My first memory of the Bulldog nation came during the 1980 season. I was old enough that I understood football a little bit, I quickly became an avid fan of such a great football team, and followed every game with that pride and joy that only a kid whose home team is the best in the nation could discover. Sorry if this rambles a bit, but that’s my writing style du jour.
One of, if not the biggest contributor to my Bulldog fandom is the incomparable Larry Munson. I vividly remember hearing the Lindsay Scott call, it’s still my favorite. I also remember wearing my white #15 Bulldog jersey out in the yard listening to every call Munson made and instead of just picturing it in my mind, I acted It out on our trampoline. I can’t tell you how much fun it is to pretend to be Herschel Walker and dive over the pile to score when in fact you are landing on a trampoline mat and there is no pain involved at all. Munson’s delivery of every detail of the game and the visualizations I had of the game thanks to him are amazing and many of them are flooding my conscious memory right now. I could always see the grass, I knew which way we were going on my radio dial (this always led to changing sides of the trampoline). I hurt when any of our players got hurt, I could picture the trainers working on guys to get them ready to return to action. I knew every team we played had to be much meaner, bigger, faster, and stronger than we were, Munson said so. It’s still a small dream of mine to shake that man’s hand and just say thanks. He is truly one of my childhood heroes.
My Dad and I shared a great love for UGA football and he was more than happy to provide little extras that didn’t cost much, but they are still cherished possessions. I have several coke bottles, I have spiral bound notebooks with the old dawg with the baseball hat on his head, but my most cherished possession that my Dad purchased is a 33 1/3 album from NAPA auto parts stores that celebrated the magical 1980-81 season. I still play it from time to time and the memories of my Dad and I watching games together is as vivid as ever. The title of my Dawgography is the lyric of my favorite cut on this album. I even remember watching Dan Marino break my heart and bring me to tears, I’m talking the large boo hoo tears, in the Sugar Bowl in 83.
I have to give credit to another radio man for even more of my earliest football, and therefore Bulldog memories. Every Saturday meant I had to be tuned in to the local Bulldog network affiliate and an hour before the pregame show started, unless we played a late game and that meant at 10 a.m., for my weekly dose of “Leonard’s Losers”. Leonard Postoastie and Percy Peabody were my boyhood friends and idols too, they just never knew it. To hear them prognosticate on the weeks games and seemingly always pick whoever played UGA as the loser was a thrill and a chuckle every Saturday.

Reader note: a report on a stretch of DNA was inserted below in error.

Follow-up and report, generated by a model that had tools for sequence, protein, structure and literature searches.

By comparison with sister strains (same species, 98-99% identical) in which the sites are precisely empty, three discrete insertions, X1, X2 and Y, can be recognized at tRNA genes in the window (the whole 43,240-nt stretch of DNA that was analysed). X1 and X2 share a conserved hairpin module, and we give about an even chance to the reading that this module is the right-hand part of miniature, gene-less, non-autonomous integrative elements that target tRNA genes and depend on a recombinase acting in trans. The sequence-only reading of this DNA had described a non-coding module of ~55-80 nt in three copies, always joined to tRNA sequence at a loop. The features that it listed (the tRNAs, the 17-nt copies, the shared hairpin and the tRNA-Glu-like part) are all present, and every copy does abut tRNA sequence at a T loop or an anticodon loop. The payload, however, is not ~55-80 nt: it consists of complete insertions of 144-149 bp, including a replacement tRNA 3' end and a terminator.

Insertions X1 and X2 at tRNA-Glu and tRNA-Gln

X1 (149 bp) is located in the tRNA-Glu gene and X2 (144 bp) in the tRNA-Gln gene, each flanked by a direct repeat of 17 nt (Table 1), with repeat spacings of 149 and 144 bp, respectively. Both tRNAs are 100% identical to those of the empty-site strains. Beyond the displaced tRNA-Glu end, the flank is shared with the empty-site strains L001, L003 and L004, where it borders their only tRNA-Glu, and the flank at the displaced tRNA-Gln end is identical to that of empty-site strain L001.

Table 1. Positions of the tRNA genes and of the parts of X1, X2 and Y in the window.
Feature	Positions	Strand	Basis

As I got older and graduated from high school, I was also blessed to get a job with my Mom’s former basketball coach who was, at the time I graduated, now a highly successful insurance agent. I started my employment there and was quizzed by the office manager about my UGA knowledge. He said, “Who is Wally Butts?” I had no idea. He replied “Don’t EVER say you don’t know who that is. He was coach to the man you now work for”. I was employed by a Bulldog! That was a thrill in itself. As the weeks past, football season rolled around and talk around the office quickly turned to how great it was to be in Sanford Stadium on a Saturday and how many Saturdays the boss would be out of the office. He described Sanford to me in detail, thinking the entire time that I knew exactly what he was describing. I had never been to a game in my life. When he found out, he said “you are going to a game this year and using my tickets. Homecoming is against Vanderbilt and you will be in the stadium that day”. UGA and Vandy, homecoming it was my first game, I was sitting on the North side on the west 40 yard line all the way back against the wall of the lower bowl. The Red and Black prevailed and I was more in love with the University of Georgia than ever. I continued my education at a couple of two year schools and then applied to UGA.
I was accepted to UGA and spent more than a few years there. Working full time and going to school is difficult and I had a lot of other things in my head due to the passing of my Dad when I was 15. UGA was amazing to me. I had classes with Eric Zeier, Hines Ward, and LaKeisha Frett (who used to save me a seat on the bus everyday). Student tickets were great, the trip to Jax was great, and the matriculation was a great ride too.
I have been made fun of for my fanaticism. I was teary eyed when Vince Dooley retired, I was also envious of an older friend of mine who attended the game and as Coach passed by her car on his way out of the stadium and touched her car. Silly? Yes. Is that me? Definitely. I DO throw things around the room and have been known to boo officials from my recliner. I have been known to scream for the firing of defensive coordinators in the middle of an SEC championship game. I do bark with the crowd on a regular basis. Some of these things have caused my more laid back son to watch the game from a different location on occasion.
I may not have actually been Bulldog born and Bulldog bred, neither of my parents attended UGA, neither graduated from college, but I have taken ownership of my Bulldog nation citizenship and when I die I will be Bulldog dead.